But Georg Nigl gave us a remarkable interpretation of Eisenstein, playing with the text and with a great ability to act and move with ease. Martin Winkler, who played the role of Kovalyov in The Nose staged by Kosky, was a vibrant Frank, generously giving of himself, especially in the third act. Katharina Konradi shone as Adele, with all the required qualities: a lovely timbre, a strong style, impressive volume, and great charm on stage.

In the pit, Vladimir Jurowski revealed the full splendor of the music. The ensemble numbers were executed with meticulous care and, under his direction, reached a subtlety worthy of Mozart. This performance was the seventh in this series, and the harmony between the orchestra and the singers was excellent, with a more natural balance than in the past when the orchestra often seemed to overpower the voices. This problem, typical of premieres, seems to have been resolved by this performance, revealing Jurowski as a true master of opera, attentive to his singers while giving a great deal of freedom to his musicians.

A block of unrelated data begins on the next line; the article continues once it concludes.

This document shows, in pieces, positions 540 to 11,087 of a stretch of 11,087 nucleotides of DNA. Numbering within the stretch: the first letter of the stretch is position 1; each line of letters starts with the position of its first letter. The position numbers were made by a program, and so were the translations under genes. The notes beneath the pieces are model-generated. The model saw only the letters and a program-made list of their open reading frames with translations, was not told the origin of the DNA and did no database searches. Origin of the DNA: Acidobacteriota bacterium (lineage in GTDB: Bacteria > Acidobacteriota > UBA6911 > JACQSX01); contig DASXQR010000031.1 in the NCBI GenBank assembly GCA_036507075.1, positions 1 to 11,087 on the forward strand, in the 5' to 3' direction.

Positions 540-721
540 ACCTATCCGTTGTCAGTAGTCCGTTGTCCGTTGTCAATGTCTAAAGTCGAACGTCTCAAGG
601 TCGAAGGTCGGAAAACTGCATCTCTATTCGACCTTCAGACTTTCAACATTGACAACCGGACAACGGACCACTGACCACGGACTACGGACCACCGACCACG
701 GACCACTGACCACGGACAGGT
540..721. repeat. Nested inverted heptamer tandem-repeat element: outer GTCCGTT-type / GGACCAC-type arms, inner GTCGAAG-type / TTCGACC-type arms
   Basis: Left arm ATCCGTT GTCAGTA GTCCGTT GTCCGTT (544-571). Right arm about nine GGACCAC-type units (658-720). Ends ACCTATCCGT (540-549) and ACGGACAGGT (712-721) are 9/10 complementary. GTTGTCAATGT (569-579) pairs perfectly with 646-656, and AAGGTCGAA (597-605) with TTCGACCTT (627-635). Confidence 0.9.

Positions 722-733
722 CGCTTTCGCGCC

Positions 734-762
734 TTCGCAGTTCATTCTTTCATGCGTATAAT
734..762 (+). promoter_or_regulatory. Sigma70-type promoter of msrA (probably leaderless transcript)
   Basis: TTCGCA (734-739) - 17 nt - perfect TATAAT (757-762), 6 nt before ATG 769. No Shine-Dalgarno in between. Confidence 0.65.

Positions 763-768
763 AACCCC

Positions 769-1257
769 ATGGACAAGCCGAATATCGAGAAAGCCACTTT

Fans of the great operetta classics and of Barrie Kosky will meet in February in Zurich, where he will stage The Merry Widow with Michael Volle, Marlis Petersen, and Katharina Konradi. Artists like this are rendering this genre more alive and modern than ever.

Antoine Lévy-Leboyer

Production ­­– Barrie Kosky
Set designer – Rebecca Ringst
Costume designer – Klaus Bruns
Lighting designer – Joachim Klein
Choreography – Otto Pichler
Dramaturgy – Christopher Warmuth
Chorus master – Christoph Heil

Gabriel von Eisenstein – Georg Nigl
Rosalinde – Diana Damrau
Frank – Martin Winkler
Prinz Orlofsky – Eric Jurenas
Alfred – Sean Panikkar
Dr Falke – Markus Brück
Dr Blind – Kevin Conners
Adele – Katharina Konradi
Ida – Miriam Neumaier
Frosch I – Max Pollak
Frosch II – Franz Josef Strohmeier
Frosch III – Danilo Brunetti
Frosch IV – Giovanni Corrado
Frosch V – Deniz Doru
Frosch VI – Oliver Petriglieri

Dancers – Luissa Joachimstaller, Emma Kumlien, Lisa König, Kristina Stebner, Antonia Čop, Danilo Brunetti, Giovanni Corrado, Deniz Doru, Joseph Edy, Jon Olofsson Nordin, Oliver Petriglieri, Jeremy Rucker